Sports, by nature, have location and spatial phenomena that are terrestrial, there are human-environment relationships, and regions have variations with how given sports are played.
Geographers looking at environmental inequality focus on how different segments of a population have unequal access to different levels of environmental quality, ranging in water, air, and soil resources.
Integration of innovation theory with geographic study has allowed scholars to explain why certain regions, such as California’s Silicon Valley, are consistently at the forefront of innovation.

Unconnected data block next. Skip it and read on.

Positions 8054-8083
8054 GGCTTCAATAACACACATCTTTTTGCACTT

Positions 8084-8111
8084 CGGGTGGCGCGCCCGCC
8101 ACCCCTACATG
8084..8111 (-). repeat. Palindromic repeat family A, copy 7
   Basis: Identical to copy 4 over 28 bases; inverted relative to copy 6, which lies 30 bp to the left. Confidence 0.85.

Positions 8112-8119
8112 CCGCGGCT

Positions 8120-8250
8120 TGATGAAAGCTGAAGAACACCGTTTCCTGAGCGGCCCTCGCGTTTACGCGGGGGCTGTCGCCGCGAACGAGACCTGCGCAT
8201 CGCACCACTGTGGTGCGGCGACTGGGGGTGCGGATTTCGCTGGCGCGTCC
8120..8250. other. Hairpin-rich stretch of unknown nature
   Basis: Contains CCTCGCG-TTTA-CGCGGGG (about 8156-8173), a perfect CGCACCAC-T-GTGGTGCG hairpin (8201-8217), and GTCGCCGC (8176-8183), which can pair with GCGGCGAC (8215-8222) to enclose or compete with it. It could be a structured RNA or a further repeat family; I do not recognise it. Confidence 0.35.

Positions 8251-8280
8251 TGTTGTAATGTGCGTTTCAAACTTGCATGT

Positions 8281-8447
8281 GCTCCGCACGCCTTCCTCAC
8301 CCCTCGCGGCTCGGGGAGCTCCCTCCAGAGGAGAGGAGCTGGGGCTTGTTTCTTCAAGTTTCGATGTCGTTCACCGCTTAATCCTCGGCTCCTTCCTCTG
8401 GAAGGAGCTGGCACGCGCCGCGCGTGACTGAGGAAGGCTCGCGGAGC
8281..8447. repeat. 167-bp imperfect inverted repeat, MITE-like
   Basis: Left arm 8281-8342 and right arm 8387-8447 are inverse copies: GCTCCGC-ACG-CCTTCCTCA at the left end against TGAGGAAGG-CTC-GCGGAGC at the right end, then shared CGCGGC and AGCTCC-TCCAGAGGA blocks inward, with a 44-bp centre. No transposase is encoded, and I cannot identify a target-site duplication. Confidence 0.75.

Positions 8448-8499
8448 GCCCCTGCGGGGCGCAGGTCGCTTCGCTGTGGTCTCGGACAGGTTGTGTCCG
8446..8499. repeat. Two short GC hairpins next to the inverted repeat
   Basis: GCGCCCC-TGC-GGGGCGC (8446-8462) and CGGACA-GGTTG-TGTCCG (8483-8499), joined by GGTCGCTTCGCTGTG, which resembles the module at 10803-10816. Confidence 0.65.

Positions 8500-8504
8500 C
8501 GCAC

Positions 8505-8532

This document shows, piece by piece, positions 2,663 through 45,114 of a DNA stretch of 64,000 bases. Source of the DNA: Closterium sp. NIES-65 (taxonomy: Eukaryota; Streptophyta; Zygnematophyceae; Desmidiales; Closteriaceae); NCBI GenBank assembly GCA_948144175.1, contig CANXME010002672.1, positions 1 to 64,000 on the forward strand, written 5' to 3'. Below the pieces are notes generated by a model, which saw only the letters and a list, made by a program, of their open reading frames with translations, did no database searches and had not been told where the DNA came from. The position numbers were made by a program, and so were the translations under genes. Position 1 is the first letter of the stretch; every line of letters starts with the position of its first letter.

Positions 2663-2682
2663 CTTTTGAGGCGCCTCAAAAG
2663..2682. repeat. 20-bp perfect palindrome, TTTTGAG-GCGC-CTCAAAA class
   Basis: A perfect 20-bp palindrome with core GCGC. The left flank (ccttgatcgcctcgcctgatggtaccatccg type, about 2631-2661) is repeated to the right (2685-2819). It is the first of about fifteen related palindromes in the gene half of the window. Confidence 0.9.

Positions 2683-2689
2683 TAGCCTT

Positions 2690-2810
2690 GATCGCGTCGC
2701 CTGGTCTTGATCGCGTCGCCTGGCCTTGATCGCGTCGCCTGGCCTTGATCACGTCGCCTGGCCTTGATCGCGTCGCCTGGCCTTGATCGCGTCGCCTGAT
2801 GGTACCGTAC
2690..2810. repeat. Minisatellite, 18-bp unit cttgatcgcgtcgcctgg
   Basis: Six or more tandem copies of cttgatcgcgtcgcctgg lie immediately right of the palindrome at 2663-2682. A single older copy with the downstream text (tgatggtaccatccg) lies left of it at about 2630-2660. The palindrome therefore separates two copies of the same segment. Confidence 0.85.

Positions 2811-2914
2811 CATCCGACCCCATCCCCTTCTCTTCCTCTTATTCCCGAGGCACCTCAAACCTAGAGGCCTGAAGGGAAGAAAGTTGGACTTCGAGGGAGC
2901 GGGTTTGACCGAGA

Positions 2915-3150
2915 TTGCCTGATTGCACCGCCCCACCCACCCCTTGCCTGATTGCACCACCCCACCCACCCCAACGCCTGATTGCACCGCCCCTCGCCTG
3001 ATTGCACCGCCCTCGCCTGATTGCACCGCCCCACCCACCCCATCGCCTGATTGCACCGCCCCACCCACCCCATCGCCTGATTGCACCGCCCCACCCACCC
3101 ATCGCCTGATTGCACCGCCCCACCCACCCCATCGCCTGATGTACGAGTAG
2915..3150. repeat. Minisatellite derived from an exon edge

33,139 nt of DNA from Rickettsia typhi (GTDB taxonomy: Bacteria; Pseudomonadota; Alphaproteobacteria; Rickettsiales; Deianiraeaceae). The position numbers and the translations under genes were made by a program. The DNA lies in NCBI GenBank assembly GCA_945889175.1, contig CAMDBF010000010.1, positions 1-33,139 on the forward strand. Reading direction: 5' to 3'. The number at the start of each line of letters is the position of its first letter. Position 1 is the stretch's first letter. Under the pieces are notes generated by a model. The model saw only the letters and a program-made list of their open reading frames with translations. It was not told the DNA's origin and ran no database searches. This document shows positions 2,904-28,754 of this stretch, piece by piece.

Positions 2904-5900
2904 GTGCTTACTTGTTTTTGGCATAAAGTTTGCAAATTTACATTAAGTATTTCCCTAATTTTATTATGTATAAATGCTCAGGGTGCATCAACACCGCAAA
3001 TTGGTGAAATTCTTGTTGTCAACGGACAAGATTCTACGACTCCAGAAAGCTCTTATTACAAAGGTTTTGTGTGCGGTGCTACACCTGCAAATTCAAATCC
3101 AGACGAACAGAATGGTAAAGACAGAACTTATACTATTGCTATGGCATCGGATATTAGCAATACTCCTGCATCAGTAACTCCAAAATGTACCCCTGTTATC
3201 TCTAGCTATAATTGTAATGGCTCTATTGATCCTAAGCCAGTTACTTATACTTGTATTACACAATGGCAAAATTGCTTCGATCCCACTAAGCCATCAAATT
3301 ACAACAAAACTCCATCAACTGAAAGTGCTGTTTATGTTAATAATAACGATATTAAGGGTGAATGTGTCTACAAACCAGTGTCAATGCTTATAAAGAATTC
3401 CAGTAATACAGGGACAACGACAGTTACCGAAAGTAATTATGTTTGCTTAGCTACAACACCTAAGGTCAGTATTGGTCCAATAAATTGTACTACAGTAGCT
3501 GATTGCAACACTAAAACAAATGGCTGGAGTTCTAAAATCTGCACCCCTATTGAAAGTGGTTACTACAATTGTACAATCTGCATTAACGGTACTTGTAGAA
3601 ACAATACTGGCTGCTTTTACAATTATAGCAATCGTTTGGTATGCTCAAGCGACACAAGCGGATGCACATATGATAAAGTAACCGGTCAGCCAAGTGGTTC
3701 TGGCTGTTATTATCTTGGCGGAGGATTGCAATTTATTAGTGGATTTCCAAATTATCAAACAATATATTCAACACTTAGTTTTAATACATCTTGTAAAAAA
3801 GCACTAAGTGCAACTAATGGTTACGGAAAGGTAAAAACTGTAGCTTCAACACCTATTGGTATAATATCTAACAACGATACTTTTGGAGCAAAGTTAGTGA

Human geographers have looked at the intersection of modern economics, neoliberal capitalism, geography, and immigration as factors that facilitate where human trafficking and slavery may become evident.
Simple examples of geographic social inequality are evident in major cities, where housing, food stores, basic services, healthcare, and other infrastructure are generally more available to wealthy urban dwellers than the urban poor